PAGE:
In rejecting Seventh-day Adventist beliefs I thought that I had also rejected Christianity as a valid form of spirituality. Like so many of my baby boom peers, I became interested in Eastern traditions. But in reading Jung and Joseph Campbell, I came across references to Christian traditions that were very different from what I had been taught was the only valid way to be a Christian. I decided to attend the local campus of the University of California to finally complete my undergraduate degree. Following my interests (as well as a very vivid dream), and seeking to undo my many years of religious indoctrination, I majored in religious studies and found that there indeed was much more to religion than what I had been exposed to as an Adventist. I was surprised to discover a very lively Christian mystical tradition which, contrary to the fundamentalist paradigm with its insistence that the divine is to be understood in a literal concrete manner, uses words like "the cloud of unknowing" and "Godhead beyond God," to point towards an Ultimate for which words are inadequate. That, in combination with what I had learned about Hindu, Buddhist, and Taoist ideas abut reality as something to be experienced rather than explained, supported a natural inclination to mysticism that was emerging from the ruins of my fundamentalist indoctrination.
After college I enrolled in a graduate program that offered a specialization in Jungian psychology. Throughout graduate school I was a committed Jungian with a tendency to dismiss other theories. But out of school and practicing as a psychotherapist, I found other approaches were often helpful. Much as I had with many other things, I would follow what seemed like an interesting thread from something I had read or a workshop I had attended to explore things that were new to me. I discovered self psychology, which in turn led to other facets of non-Jungian psychoanalytic theory. In taking courses at the San Francisco Jung Institute, I was surprised to discover how much interest people there had in contemporary psychoanalytic thought. My perspective broadened considerably. While I continue to think of myself as a Jungian oriented depth psychotherapist, in actual practice I am all over the map, drawing from here and there as seems helpful.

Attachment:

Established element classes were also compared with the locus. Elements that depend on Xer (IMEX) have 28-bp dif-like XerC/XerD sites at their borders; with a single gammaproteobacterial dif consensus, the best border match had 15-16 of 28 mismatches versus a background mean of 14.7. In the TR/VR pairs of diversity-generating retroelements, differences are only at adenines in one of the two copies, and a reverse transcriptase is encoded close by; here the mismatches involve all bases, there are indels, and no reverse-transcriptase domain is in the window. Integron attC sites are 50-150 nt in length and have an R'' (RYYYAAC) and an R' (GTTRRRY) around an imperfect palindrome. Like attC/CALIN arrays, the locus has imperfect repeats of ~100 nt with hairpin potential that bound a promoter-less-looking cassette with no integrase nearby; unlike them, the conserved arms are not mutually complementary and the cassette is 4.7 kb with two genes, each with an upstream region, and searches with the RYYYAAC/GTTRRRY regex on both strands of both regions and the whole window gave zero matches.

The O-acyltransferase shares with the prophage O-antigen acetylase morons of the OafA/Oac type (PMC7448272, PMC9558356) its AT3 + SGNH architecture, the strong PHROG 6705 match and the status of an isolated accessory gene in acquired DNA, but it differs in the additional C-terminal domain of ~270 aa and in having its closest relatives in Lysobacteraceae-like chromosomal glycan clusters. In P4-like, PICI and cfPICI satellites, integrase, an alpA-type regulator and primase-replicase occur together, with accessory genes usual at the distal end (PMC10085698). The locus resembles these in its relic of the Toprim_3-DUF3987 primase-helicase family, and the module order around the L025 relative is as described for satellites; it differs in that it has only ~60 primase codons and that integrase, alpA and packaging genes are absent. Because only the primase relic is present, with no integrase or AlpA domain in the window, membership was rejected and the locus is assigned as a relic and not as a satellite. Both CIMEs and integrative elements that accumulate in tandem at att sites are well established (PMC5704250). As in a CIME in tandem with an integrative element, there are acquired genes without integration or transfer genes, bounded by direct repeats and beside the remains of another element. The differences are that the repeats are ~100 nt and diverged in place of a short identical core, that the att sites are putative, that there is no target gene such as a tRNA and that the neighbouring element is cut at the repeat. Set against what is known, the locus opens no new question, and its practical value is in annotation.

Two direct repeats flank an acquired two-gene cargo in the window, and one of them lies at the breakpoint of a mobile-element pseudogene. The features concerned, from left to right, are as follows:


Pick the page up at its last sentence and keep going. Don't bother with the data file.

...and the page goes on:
I have done a lot of work in various settings with people affected by severe and persistent mental illness which, in my experience, presents serious challenges to any and all theories that might be called upon to explain it. For over twenty years I have annually supervised five to six graduate students who do most of the clinical work at the Berkeley Creative Wellness Center, an innovative day program for mentally ill adults. There my psychodynamic orientation often has to be set aside to address immediate and practical concerns. And I often have to admit that there is still much that I do not understand about the strange psychic transformations that occur in severe mental illness.
I tell my supervisees that what matters most in doing psychotherapy is whether a particular theory, technique, or way of thinking is helpful or not. Whatever helps is valid! That isn’t far removed from William James’ (p. 34) pragmatic test of religious experience. What matters, according to James, is the effect of religion in the believer’s life. If it has a positive effect, the experience is a genuine religious experience regardless of the theological baggage that may come with it. So too with psychotherapy - if an intervention or way of conceptualizing the work, no matter where it comes from, is helpful, then by all means use it.
In looking back on both my personal and professional journeys to this point in my life, I notice parallels between my progress from being a true believer in the religious tradition I was born into through disbelief to an open-ended sense of some ineffable Something and my progression as a psychotherapist from being an adherent of one particular theoretical approach to my current open-ended view.